Clinical Neuroscience

[Comparative study of digital subtraction angiography and MR-angiography in ischemic stroke of children]


NOVEMBER 20, 1997

Clinical Neuroscience - 1997;50(11-12)

[A report is given on 10 children suffering from ischemic stroke. In all children the ischemic lesions were confirmed by CT scans. The patients underwent both Digital Subtraction Angiography (DSA) and MRA. In five cases of stenotic or occlusive changes the MRA correlated well with DSA findings. However 3 cases of moyamoya disease, 1 case of arterial spasm and 1 case of stenotic change were not shown on MRA. MRA can be a valuable alternative method to DSA in occlusion of major intracerebral arteries.]


  1. Borsod-Abaúj-Zemplén Megyei Kórház-Rendelőintézet Gyermek-egészségügyi Központ, HIETE II. Gyermekgyógyászati Tanszék, Miskolc
  2. Radiológiai és Izotópdiagnosztikai Intézet, Budapest



Further articles in this publication

Clinical Neuroscience

[Antecendents and epilepsy in dyskinetic/dystonic cerebral palsy]

BALOGH Erzsébet, KOZMA Gyuláné, VARGÁNÉ Kiss Anna

[The rate of cerebral palsy (1-3/1000) is not diminishing, but the prevalence of athetosis seems to be decreasing. 234 athetosis cases (born 1972–1992) have been studied in Budapest (n=149) and in London (n=85) for birth weight, icterus, hypoxia and/or neonatal convulsion and epilepsy. The majority of athetosis cases were born with a birth weight above 2500 g. Kernicterus has not been found, but 43.3% (Budapest) and 75.3% (London) of the cases showed clinical signs of hypoxia with or without perinatal convulsion. Hypoxia and icterus were rarely found together. Athetosis with epilepsy occurred in one fourth and one third of the cases, respectively. Long term hypoxia of mature infants has to see the most relevant risk factor for the severe cerebral palsy with (29.5% Budapest, 23.5% London) and without epilepsy.]

Clinical Neuroscience

[Advances in the diagnostics of spinal muscular atrophy]


[The three most common types of childhood spinal muscular atrophy (SMA) are type I or Werdnig Hoffmann disease, type II or intermediate form, and type III or Kugelberg-Welander disease. The clinical features of these three types are characteristic, profound limb hypotonia, wasting of muscles and areflexia. All three forms of SMA reveal an autosomal recessive mode of inheritance. The gene responsible for all three types of SMA is located on the long arm of chromosome 5 in the region of 5q11.2-913.3. Starting from 1993 blood samples were collected from 87 Hungarian families with all 3 types of SMA. DNA samples of all family members were analysed with the currently available highly informative microsatellite DNA markers in the locus 5q11.2 q13.3. Moreover, affected persons and their family members have been analysed for deletions of the survival of motor neuron gen (SMN). Prenatal diagnoses were performed in 28 cases at the request of the affected families. The possibility of prenatal diagnosis is a major step forward in helping these families, as the risk of recurrence of this devasting, untreatable disease is 25% in affected families.]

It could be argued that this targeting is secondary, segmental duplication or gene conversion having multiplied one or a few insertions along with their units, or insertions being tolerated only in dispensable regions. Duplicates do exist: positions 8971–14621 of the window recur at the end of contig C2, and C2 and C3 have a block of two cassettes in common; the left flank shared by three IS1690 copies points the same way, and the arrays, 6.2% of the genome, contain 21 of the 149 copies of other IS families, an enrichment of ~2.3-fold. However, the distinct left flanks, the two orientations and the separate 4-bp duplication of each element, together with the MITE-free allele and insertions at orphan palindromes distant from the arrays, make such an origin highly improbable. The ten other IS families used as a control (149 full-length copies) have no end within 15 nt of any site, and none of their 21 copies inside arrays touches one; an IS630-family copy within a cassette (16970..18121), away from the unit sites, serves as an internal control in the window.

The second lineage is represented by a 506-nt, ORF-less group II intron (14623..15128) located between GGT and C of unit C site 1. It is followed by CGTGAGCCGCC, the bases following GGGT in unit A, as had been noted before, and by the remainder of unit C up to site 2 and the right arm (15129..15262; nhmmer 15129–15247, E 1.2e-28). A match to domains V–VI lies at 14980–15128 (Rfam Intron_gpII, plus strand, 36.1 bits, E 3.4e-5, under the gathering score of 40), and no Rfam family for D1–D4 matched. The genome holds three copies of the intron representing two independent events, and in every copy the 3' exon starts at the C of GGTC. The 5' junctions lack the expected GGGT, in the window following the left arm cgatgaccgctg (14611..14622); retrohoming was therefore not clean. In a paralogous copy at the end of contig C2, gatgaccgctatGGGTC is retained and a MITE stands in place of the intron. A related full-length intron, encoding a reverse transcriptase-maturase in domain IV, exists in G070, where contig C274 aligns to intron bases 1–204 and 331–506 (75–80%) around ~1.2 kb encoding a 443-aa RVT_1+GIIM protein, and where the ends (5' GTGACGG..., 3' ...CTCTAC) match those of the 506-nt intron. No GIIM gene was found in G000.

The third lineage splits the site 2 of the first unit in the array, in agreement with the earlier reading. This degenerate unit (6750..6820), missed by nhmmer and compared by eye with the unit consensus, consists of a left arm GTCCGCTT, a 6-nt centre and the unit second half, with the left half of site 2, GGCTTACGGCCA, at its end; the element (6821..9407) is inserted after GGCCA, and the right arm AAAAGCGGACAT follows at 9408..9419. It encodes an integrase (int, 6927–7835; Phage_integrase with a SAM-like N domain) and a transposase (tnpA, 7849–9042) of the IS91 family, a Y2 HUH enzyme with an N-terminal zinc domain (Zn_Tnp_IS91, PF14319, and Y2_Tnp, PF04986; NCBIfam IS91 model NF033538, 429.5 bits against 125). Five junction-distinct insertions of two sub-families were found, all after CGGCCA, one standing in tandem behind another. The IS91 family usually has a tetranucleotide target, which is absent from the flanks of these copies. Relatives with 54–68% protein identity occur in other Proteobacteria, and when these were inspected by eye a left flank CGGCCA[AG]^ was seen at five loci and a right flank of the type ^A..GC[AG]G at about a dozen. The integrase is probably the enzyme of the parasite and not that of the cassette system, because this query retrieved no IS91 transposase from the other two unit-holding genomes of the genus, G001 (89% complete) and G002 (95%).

Clinical Neuroscience

[Prognosis of newborns of very low birthweight]

BEKE Anna, FEHÉRNÉ Szekszárdi Márta, CSIKY Erzsébet, KUCSERÁNÉ Gráf Rózsa, NÉMETH Tünde, SZABÓ Györgyné

[Development of 357 ventilated newborns born from January 1989 to 30 September 1996, who weighed 1500 gm or less at birth, was investigated in follow-up studies. Of the 357 infants, 9 died after one month of age. The outcome of 348 survivors was followed up by a team after the same protocol. Infants were divided into two groups according to year of birth. In the first four-year group, there were 168 children (from 1989 to 1992), in the second one there were 180 children (from 1993-1996). The two periods are different in the obstetrical and neonatological therapeutic methods. Comparing the results of follow-up studies, the authors investigated the influence of the new therapeutic methods on the neonatal morbidity and prognosis of newborns of very-low birthweigt. Although the survival rate increased from 61% to 78% between the two four-year periods, and the survival rate of newborns of very very low birth weight became two times higher (from 19.8% to 41 %), the neurological morbidity (rate of cerebral palsy), did not changed essentially. Important improvement was found in the ophthalmological outcome. The conclusion is that the quality of life for infants and children born of very-low birthweight has not yet improve significantly in every area of development.]

Clinical Neuroscience

[99 M TC HMPAO SPECT in children with intractable epilepsy]

NEUWIRTH Magdolna, BORBÉLY Katalin, KOPCSÁNYI Zsuzsanna

[We examined the role of HMPAO SPECT examinations in presurgical evaluation of children with intractable partial epilepsy. SPECT studies (ictal, interictal) were performed on 31 children aged 1-18 years. The focus was restricted in 18 cases and extensive, ie, a whole hemisphere or some lobes, in 4 cases. SPECT indicated pathological changes in the relevant areas in 15 of 18 cases, but in 9 children with temporal epilepsy in all. The focus was extensive in 4 cases, e.g. in 3 children with Rasmussen syndrome. SPECT was pathologic in all of them when MRI did not yet show hemiatrophy of the brain. In 3 cases of partial epilepsy MRI did not demonstrate lesion, the focus was not well-defined by EEG, in contrast to SPECT. Thus it can be stated that SPECT provides valuable information on presurgical evaluation in children with intractable partial epilepsy.]

Clinical Neuroscience

[Pedigree analysis of hungarian rett syndrome girls]


[Rett syndrome is a neurodevelopmental disorder that has been reported exclusively in females. It was first described by Andreas Rett in 1966. The disorder is characterized by a progressive loss of cognitive and motor skills as well as the development of stereotypic hand movements, occurring after an apparently normal 6 to 18 months of development. The aetiology of the syndrome is still unknown. Since genetic origin can be presumed we examined the potential gene sources of the Hungarian Rett syndrome patients. Genealogical tests were carried out based on 22 Hungarian families with Rett syndrome girls. None of our 23 probands was born to first-cousin couples, but we found an increased number of consanguineous marriages among the ancestors of the patients: in two families first-cousin marriages among the great grandparents on the maternal sides; in one family, one second-cousin marriage on the maternal side. Considering the rate of the consanguineous marriages in Hungary the observed rate is highly increased. On investigating the place of origin of the Rett families we found a predominance in the north east part of Hungary. Our results support the findings of a Swedish analysis.]